The King’s Curse

Written by Philippa Gregory
Review by Arleigh Johnson

Margaret Pole, Countess of Salisbury, is an often mentioned background character in Tudor fiction. Though her name is well known, her life as a Yorkist heir married into obscurity and then plunged back into court life with the crowning of Henry VIII and Katherine of Aragon has never been closely detailed in fiction. Gregory has taken on this White Rose matriarch and given her a chance to tell her version of England’s destruction during the Reformation and the maniacal deterioration of Henry VIII.

Beginning with the marriage of Arthur Tudor to Katherine of Aragon and ending with the countess’s execution almost four decades later, this story covers many triumphs and tragedies as the Plantagenet-born Pole family finds and falls from favor many times over, hiding alliances though never truly overstepping into treason. The madness of the king is the theme, and seen through the eyes of his eldest daughter’s governess, he turns from a beloved young king into a paranoid tyrant over the course of his reign.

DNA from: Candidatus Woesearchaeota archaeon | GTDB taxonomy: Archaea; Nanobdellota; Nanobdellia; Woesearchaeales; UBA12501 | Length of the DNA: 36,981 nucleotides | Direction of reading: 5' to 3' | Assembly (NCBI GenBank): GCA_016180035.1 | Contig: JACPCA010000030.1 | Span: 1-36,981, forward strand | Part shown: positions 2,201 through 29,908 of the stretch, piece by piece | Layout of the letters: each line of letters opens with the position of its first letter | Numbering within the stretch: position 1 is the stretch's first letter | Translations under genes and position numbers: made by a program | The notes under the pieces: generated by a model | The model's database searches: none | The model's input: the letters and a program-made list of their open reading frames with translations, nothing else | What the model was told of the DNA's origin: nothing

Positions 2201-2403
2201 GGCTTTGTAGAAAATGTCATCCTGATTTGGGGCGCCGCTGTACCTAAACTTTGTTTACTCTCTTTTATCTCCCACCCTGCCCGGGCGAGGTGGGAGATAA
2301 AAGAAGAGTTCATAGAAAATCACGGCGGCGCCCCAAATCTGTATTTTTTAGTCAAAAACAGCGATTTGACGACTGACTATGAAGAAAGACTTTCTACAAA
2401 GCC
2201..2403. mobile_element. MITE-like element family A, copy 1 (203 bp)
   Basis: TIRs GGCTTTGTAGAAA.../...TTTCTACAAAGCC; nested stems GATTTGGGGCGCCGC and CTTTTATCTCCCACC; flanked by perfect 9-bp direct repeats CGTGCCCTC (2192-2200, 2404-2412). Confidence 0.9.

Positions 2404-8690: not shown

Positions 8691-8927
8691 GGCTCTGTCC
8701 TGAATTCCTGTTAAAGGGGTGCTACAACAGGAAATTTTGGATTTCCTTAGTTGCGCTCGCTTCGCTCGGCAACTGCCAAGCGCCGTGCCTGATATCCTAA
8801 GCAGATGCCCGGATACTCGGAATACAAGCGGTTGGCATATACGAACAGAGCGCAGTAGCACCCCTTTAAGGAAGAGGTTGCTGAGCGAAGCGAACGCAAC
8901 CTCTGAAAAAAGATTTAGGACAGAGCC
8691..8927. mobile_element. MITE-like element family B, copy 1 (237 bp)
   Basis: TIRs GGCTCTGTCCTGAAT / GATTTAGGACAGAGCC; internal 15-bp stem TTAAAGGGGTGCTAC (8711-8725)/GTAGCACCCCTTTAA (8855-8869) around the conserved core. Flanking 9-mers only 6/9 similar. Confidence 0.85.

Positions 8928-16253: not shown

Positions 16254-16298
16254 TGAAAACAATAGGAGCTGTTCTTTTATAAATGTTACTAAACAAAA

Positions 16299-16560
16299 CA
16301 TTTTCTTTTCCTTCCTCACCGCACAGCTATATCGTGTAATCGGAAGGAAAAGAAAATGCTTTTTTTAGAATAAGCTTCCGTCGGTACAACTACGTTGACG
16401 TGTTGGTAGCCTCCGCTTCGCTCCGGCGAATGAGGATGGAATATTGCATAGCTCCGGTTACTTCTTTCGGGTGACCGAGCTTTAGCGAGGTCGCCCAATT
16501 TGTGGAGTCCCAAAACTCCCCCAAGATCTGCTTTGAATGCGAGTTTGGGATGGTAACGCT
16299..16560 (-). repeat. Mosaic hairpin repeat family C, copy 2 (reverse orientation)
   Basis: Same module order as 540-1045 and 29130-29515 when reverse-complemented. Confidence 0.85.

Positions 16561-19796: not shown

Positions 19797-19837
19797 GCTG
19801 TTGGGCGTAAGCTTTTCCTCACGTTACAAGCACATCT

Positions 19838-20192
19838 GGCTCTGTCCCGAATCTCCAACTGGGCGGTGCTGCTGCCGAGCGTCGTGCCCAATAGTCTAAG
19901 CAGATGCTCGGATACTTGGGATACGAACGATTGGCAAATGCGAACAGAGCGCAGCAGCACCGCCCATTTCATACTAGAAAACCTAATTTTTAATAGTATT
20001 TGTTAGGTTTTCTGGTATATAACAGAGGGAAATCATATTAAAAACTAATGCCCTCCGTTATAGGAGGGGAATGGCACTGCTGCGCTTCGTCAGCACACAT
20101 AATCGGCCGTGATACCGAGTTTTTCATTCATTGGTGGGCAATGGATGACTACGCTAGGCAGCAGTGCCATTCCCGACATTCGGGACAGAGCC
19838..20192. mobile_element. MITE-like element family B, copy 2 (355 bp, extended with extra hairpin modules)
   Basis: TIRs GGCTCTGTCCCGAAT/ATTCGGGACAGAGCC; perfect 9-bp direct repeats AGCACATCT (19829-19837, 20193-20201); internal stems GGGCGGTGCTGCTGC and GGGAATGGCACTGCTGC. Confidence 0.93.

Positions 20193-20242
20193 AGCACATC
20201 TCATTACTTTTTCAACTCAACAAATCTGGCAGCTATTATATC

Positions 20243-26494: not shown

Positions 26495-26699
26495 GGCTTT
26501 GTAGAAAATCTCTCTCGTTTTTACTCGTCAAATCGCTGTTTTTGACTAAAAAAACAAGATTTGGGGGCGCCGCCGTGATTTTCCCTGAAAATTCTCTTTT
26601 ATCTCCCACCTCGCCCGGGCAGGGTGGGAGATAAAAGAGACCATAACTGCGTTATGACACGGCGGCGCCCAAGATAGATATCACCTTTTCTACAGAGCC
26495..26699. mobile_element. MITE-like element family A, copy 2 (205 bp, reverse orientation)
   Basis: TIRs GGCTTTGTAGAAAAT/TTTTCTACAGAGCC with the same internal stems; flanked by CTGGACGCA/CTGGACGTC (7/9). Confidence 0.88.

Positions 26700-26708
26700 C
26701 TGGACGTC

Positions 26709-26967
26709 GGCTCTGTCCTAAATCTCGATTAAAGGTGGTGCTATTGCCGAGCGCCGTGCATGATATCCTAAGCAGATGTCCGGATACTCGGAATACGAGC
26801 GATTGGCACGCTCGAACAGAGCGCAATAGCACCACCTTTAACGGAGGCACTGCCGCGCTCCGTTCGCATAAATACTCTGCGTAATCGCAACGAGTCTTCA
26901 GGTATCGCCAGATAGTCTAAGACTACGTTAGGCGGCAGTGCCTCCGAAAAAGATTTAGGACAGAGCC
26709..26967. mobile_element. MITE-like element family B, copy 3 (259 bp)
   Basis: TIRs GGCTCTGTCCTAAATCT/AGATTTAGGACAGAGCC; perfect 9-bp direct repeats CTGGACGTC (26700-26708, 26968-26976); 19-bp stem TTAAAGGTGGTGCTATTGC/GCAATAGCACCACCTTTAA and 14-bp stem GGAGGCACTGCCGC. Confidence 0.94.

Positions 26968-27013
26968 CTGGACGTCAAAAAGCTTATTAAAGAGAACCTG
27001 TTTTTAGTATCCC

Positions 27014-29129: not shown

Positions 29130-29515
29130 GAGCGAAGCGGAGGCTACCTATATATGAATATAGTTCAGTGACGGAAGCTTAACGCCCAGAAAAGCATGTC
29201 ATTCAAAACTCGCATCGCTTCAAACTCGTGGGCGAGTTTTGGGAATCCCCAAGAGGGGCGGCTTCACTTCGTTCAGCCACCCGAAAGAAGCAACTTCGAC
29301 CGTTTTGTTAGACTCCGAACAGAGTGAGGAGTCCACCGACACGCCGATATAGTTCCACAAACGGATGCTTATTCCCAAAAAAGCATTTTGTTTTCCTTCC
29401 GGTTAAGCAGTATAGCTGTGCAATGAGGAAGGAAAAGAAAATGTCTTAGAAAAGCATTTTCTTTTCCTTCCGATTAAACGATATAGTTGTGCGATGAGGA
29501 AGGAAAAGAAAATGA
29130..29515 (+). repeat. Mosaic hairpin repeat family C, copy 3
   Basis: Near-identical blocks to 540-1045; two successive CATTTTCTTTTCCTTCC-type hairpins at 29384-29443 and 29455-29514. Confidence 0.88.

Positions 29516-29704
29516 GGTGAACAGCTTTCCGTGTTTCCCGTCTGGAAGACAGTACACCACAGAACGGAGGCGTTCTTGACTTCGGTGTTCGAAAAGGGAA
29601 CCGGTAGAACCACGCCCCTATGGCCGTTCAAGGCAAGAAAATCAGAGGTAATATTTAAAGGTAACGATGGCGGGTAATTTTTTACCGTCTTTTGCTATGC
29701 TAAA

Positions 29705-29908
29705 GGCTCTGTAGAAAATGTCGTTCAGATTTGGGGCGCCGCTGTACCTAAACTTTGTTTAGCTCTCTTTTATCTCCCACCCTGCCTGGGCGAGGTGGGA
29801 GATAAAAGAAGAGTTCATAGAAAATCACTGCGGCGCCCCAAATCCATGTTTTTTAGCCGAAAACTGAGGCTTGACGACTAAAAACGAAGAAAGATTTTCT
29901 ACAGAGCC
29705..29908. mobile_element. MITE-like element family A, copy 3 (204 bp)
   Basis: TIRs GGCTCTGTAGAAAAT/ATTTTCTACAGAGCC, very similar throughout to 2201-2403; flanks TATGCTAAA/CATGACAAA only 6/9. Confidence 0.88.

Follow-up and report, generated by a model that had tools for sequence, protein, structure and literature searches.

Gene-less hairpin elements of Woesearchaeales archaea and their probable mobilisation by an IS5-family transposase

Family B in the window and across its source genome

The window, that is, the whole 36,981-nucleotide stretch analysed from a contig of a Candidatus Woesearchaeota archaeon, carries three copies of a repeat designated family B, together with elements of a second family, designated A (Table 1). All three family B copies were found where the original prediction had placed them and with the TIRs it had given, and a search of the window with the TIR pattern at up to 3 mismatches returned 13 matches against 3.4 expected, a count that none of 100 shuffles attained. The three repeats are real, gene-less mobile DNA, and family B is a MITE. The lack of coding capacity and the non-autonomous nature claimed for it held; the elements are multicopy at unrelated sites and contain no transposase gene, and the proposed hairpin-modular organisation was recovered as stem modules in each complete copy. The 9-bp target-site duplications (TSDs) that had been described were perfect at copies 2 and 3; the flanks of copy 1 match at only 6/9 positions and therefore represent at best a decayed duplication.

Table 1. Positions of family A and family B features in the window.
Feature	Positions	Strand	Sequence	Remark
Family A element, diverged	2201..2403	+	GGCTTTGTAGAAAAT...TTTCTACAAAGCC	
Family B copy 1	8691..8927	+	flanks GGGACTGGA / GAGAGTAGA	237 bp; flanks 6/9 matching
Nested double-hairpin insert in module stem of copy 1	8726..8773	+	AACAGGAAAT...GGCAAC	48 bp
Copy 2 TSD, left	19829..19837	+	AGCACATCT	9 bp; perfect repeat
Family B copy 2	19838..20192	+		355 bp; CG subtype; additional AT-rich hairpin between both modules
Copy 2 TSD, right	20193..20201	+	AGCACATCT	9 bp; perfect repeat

The curse is extended from the author’s previous Cousins’ War novels, but readers uninspired by the witchcraft featured in the earlier books won’t find anything otherworldly in the pages of Margaret Pole’s telling. Though loyal to Princess Mary, Lady Pole is always aware of the danger of her royal blood and the positions of her four sons, all in the service of the king. Though devoted to Queen Katherine, Margaret is ever diligent on the matter of her sons’ birthright.

This story covers the deaths of four queens, the disinheritance of Princess Mary, the Reformation, and the Pilgrimage of Grace in detail and is an excellent addition to the Tudor royalty genre, not only for its unique perspective, but also the easy flow of the narrative and the intriguing complexities of characters’ personalities.